The Risk Of Not Registering Your Trademark

Kitty Your Ad Here by Shannon Kringen

If you’re a small business owner you probably created an LLC. You may have even registered your trade name with the Secretary of State. A lot of small businesses don’t see the value in registering their trademark with the United States Patent and Trademark Office (USPTO). If you register your mark with the USPTO, you can prevent anyone in the country from using your mark in their business in a confusingly similar way.

If you’re a local business, you may question the value in being able to claim your trademark in all 50 states. The question you should ask is, “What do I risk if I don’t?” Let me tell you a story.

The Finer Things in Life by comedy_nose

The first Burger King restaurant was little place in Mattoon, Illinois. It looks like a mom and pop restaurant. They didn’t register their trademark with the USPTO. After this Burger King opened, the Burger King franchise as we know it was created, and they registered the Burger King trademark with the USPTO. The original Burger King was allowed to continue doing business, but it’s limited to its existing market, which is a 20-mile radius around the restaurant. Burger King franchises can be everywhere else in the United States and the original Burger King can’t expand beyond the 20-mile boundary.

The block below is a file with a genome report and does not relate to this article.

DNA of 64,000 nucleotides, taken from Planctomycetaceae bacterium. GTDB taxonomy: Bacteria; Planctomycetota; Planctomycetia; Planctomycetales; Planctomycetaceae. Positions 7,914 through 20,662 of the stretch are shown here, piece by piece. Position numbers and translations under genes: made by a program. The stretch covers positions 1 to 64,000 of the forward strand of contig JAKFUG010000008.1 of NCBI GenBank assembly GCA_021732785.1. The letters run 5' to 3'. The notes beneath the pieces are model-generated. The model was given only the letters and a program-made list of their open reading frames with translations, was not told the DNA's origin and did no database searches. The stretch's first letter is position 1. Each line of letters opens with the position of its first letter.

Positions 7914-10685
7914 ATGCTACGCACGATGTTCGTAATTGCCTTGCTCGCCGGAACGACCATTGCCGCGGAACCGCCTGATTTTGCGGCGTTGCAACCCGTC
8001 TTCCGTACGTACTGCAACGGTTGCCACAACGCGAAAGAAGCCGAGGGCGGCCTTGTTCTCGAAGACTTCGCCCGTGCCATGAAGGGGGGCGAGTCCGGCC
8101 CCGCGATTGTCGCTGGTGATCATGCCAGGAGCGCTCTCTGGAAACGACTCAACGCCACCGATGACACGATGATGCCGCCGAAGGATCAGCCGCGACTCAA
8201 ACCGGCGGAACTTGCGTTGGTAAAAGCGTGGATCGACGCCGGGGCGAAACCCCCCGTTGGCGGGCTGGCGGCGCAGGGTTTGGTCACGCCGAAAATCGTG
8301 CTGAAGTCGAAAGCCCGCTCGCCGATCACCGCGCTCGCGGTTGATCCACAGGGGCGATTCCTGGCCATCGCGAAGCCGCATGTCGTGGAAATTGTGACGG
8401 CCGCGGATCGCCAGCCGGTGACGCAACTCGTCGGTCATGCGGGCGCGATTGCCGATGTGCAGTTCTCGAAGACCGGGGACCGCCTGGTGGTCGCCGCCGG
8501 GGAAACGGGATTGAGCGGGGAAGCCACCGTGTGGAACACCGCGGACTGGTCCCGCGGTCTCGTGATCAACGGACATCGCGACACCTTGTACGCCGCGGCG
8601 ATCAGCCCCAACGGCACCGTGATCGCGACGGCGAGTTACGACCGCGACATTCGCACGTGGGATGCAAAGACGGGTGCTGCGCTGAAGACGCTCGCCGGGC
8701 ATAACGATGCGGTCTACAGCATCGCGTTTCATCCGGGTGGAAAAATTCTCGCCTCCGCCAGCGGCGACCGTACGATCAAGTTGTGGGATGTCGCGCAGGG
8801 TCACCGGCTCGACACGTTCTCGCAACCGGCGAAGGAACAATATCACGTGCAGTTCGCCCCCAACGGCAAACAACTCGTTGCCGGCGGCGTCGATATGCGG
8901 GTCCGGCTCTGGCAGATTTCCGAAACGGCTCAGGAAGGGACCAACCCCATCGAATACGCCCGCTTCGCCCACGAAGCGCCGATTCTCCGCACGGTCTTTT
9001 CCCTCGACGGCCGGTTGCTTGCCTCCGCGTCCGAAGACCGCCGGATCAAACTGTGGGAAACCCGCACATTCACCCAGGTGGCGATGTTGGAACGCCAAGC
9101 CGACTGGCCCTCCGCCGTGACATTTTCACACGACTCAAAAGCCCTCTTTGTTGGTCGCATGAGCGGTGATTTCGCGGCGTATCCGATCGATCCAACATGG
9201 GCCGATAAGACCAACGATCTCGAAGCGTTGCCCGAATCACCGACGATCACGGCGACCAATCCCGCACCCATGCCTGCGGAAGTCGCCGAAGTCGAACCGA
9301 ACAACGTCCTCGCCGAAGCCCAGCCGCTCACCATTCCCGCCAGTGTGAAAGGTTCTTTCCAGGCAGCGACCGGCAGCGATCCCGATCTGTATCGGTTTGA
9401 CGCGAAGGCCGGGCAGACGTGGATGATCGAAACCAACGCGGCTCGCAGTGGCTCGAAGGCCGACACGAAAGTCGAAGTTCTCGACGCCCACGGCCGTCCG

If you have a small business and you have plans to expand, you want to be the first to register your trademark, because if you don’t, you might find yourself being boxed into a limited area if your competition registers the mark. Even if you don’t have plans to expand much, you want the ability to take advantage of a golden growth opportunity if it comes along. If your competition registers their mark first, you might find yourself in a situation where you have to change your name and rebrand yourself to be able to expand your business.

New businesses put hundreds, and sometimes thousands of dollars in branding themselves. Ideally, you should decide what you want your trademark to be, check the USPTO to make sure no one is using your desired trademark, and consult a trademark attorney about registering the mark for your business. You may not be growing by leaps and bounds today, but you don’t want to find yourself in a situation where that’s not possible for you or only an option if you spend hundreds of hours and thousands of dollars rebranding yourself.

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